Part of Speech: Adjective
Meaning: 1. Showing precise concern for proper behavior, very closely observant of even the smallest details of social conventions. 2. More broadly, observant of the fine points of any activity.
Notes: Punctilious originally referred to an awareness of the punctilios (fine points) of the rules of proper conduct. However, a punctilio is today any fine point so the meaning of the adjective is broadening, too. A punctilious person is not quite scrupulous; scrupulous implies moral precision. A person who is sensitive to fine points in general is meticulous.
In Play: Let's begin with an example that shows the difference between meticulous and punctilious: "Lois Riske is as punctilious in her manners at home as she is meticulous in her work at the office." Because we have so many near synonyms, we probably should restrict the use of today's Good Word to situations where rules of behavior are involved: "Justin Case is so punctilious in omitting frolicky folks from his invitation list that his parties are all a right bore."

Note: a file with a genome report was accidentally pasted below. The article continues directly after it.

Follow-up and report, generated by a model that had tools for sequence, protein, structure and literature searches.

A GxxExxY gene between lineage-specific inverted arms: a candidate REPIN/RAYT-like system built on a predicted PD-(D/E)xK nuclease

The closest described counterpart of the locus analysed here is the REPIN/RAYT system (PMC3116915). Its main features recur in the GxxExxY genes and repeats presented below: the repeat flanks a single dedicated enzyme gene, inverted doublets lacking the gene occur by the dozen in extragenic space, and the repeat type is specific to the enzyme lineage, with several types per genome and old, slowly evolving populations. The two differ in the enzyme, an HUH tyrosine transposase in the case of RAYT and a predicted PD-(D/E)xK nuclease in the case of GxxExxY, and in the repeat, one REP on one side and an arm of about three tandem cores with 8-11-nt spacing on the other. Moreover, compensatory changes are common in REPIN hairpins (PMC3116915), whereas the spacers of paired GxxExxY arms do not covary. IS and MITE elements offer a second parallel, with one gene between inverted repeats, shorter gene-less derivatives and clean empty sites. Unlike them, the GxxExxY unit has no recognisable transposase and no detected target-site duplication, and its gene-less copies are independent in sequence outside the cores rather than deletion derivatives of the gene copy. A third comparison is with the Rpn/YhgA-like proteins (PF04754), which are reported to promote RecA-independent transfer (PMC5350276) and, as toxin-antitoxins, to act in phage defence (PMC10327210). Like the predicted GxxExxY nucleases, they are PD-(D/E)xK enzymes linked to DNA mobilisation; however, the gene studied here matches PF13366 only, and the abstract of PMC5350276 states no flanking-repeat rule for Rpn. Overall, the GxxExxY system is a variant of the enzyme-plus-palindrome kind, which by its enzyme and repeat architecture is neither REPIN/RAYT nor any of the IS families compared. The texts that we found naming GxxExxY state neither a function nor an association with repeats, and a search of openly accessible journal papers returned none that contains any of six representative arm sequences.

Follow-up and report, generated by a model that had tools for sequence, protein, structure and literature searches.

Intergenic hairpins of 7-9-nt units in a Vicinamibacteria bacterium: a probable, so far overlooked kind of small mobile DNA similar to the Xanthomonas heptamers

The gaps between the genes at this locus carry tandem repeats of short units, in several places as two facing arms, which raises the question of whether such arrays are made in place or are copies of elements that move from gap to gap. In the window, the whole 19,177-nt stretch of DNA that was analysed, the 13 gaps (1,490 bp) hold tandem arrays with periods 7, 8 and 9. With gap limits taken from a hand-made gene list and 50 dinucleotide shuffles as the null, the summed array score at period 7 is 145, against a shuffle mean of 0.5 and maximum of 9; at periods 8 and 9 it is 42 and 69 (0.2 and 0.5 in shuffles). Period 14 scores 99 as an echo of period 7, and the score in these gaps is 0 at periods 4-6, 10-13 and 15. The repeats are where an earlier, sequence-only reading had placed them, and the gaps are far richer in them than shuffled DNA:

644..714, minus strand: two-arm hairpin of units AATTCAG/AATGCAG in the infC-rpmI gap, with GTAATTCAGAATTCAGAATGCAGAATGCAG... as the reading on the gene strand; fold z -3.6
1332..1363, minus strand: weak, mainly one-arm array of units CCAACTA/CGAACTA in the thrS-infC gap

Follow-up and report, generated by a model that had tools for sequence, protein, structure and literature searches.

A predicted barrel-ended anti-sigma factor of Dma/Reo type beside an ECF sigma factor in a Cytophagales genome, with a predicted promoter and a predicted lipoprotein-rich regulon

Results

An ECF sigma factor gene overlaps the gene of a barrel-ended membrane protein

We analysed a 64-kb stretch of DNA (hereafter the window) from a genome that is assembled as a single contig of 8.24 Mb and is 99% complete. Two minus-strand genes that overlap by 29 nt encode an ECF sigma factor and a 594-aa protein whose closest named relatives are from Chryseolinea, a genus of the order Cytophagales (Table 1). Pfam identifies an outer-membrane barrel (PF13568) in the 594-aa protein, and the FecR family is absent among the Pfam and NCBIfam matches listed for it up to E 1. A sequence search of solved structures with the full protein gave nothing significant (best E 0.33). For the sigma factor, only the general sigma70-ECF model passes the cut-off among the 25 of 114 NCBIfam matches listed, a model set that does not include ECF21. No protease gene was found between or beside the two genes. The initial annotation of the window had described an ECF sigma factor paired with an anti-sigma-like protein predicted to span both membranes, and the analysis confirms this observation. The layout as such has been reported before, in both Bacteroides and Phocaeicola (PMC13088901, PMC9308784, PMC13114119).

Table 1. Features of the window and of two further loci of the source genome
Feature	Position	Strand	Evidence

Word History: Today's Good Word apparently came from a Vulgar (spoken) Latin word that became French pointilleux and Italian puntiglioso, though we have no written example of it. It would have come from Classical Latin punctus, the past participle of the verb pungere "to poke, to prick". The neuter form of this participle came to be used as a noun, punctum "point, dot". Now, dots and points are historically related to precision. Even today we say, "to arrive on the dot" and "get to the point", implying precision. The remains of this same root are evident in borrowed words like pugilist, pugnacious, and impugn, based on Latin pugnare "to fight". Finally, the word pygmy comes to us from the related Greek word pygme "fist".
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